England wicketkeeper-batsman Jonny Bairstow feels that leg-spinner Adil Rashid will be able to put aside the rumblings his selection to the England Test team has generated and continue his form from where he left in the one-dayers against India.

Rashid was selected for the first of five Tests against India despite quitting red-ball cricket ahead of the 2018 county season and having not played a first-class game since September.

Former England captain Michael Vaughan dubbed it "ridiculous" before Rashid hit back. Another former skipper Nasser Hussian felt Rashid's Test recall sets a dangerous precedent for county cricket. Legendary all-rounder Ian Botham had, however, termed these criticisms unnecessary.

Bairstow, who is Rashid's team-mate in Yorkshire, refused to be drawn into the controversy but said the leg-spinner must be excited to have got the England call-up for the Test series starting on August 1 in Birmingham.

The biggest honour you can have is to go out and play Test cricket for England. It is an exciting challenge for him (Rashid), as for us all, going from white-ball cricket to red-ball cricket," said Bairstow during the launch of the Specsavers Test Series.

Rashid's stunning delivery to dismiss India captain Virat Kohli in the ODI series had raised hopes of a comeback into the Test side and Bairstow welcomed the leg-spinner in the Test set up.

He has bowled me with plenty of leg breaks over the years," said Bairstow, who has been playing with Rashid since his teenage days.

"It is not just that one ball that he will get remembered for but the skills and the balls he bowled, his googlies, the way he has varied his pace, come over the top of the ball, round the side of it. His utilisation of his side spin and top spin was very impressive as well.

"He obviously bowled really, really nicely in the one-dayers and the way the white ball has been coming out of his hand... it is an exciting call-up for him. He is delighted and I am really excited for him," he said.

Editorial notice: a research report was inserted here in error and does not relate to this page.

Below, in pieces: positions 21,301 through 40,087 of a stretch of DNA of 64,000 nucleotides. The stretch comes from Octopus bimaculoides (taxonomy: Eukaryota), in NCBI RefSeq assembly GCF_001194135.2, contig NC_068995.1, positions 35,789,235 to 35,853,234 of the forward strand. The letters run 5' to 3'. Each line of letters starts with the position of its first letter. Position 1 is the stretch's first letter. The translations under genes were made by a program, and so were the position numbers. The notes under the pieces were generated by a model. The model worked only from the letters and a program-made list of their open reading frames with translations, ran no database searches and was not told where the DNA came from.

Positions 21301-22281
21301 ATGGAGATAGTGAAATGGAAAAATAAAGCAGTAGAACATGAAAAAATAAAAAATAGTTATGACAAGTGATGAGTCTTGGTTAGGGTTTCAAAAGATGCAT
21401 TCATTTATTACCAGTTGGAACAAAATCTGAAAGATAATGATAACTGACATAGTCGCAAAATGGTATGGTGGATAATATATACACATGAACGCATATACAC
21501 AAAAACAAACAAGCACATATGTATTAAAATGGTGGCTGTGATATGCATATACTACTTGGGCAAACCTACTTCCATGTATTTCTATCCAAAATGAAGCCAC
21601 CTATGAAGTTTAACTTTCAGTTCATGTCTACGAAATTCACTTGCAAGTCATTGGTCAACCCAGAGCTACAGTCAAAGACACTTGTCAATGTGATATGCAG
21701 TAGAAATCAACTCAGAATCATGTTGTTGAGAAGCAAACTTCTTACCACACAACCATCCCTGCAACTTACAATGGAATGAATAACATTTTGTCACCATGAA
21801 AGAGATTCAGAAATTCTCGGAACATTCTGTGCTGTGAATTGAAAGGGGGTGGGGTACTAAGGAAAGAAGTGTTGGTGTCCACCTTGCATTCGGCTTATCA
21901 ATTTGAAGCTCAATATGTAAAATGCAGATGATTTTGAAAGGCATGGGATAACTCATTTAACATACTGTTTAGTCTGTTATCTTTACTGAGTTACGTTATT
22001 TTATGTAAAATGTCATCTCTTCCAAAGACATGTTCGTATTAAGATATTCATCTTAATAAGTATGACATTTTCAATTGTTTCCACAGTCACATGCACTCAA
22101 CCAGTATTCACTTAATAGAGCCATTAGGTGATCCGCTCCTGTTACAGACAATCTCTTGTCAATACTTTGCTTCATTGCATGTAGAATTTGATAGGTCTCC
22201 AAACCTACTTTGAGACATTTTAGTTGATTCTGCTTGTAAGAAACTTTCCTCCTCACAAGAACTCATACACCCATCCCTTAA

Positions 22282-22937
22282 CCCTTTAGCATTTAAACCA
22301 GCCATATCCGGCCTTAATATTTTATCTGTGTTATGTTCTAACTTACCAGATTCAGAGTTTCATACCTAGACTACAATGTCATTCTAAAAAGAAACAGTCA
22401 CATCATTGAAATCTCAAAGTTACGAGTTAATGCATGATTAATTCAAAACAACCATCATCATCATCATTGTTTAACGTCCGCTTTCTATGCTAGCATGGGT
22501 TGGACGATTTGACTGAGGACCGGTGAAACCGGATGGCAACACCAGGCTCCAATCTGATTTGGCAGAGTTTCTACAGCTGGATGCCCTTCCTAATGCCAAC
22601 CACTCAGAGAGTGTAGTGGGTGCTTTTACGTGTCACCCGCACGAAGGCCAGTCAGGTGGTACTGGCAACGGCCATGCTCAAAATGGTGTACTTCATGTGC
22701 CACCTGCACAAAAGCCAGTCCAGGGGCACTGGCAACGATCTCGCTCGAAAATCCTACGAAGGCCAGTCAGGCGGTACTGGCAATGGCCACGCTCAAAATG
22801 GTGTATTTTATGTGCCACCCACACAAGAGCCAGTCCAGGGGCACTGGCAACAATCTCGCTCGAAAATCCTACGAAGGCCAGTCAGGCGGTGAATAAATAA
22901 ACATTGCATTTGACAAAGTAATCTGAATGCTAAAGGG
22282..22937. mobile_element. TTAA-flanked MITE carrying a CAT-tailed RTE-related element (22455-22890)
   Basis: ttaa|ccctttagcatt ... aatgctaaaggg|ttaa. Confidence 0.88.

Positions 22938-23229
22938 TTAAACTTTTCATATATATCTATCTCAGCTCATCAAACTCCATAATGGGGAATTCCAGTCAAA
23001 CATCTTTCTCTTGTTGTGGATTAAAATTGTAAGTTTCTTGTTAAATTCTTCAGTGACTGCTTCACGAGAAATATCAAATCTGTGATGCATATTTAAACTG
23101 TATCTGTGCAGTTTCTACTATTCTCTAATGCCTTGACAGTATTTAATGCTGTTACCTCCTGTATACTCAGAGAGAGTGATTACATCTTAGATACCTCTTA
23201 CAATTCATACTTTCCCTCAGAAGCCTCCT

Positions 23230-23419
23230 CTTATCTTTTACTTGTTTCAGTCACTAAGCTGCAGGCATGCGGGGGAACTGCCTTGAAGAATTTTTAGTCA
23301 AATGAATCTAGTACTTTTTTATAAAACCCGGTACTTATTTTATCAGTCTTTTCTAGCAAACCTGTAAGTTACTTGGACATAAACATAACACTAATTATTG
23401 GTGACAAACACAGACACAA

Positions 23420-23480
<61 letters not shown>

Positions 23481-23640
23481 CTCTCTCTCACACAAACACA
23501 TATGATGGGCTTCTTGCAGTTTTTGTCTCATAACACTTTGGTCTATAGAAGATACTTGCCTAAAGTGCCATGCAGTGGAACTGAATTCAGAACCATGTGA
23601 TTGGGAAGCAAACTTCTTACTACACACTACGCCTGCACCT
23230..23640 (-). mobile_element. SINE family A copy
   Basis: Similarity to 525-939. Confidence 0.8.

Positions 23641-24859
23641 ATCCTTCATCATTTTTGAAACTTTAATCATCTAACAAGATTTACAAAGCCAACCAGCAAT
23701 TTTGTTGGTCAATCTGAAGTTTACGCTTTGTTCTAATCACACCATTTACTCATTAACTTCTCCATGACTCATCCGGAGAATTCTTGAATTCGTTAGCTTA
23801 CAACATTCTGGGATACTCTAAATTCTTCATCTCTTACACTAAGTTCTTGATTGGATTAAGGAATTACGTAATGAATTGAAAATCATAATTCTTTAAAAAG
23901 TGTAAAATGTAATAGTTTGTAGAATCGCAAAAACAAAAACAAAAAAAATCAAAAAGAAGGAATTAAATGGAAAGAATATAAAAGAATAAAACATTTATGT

Rashid has not played any first-class game since September last but Bairstow feels the leg-spinner has enough maturity to deal with the challenges of adapting to the longer format after a gap.

I think he has matured a lot. If he is landing his leg spinner, if he is landing his googly, he just has to do it a few more times other than the 10 overs he has been bowling," said the 28-year-old Bairstow who has played in 54 Tests since 2012.

"At the same time people are not necessarily (going to) come at him as hard in red-ball cricket as they will in white so the shape he gets on the ball, the line he might bowl, the length he might bowl, might differ as well." 

Bairstow, himself, is excited to don his gloves again for the first match of the Test series at Edgbaston.

"I enjoyed it this week being back at Headingley. The last time I kept before then properly was the last Test match so we have had a little bit of a break and a lay-off, but I don't see that as too much of an issue," said the 28-year-old, who had relinquished his wicketkeeping duties to Jos Buttler in ODIs.

"It was good to get a bit of a break because it keeps your mind fresh, your body fresh, and it keeps that excitement and hunger to come back in and want to do well, keep pushing yourself and to keep having an impact on the game." 

Talking about his game, Bairstow said: "I am happy with the way I have been playing. There are differences that are going to change from white-ball to red-ball. With the white ball I have been opening the batting, with the red ball I am bit further down, hopefully batting for a longer time and your roles differ.

"I would like to hope that is something over the last ten years of playing, with the way my game is and evolving, that I have been able to modify those in different scenarios and different conditions against different opposition.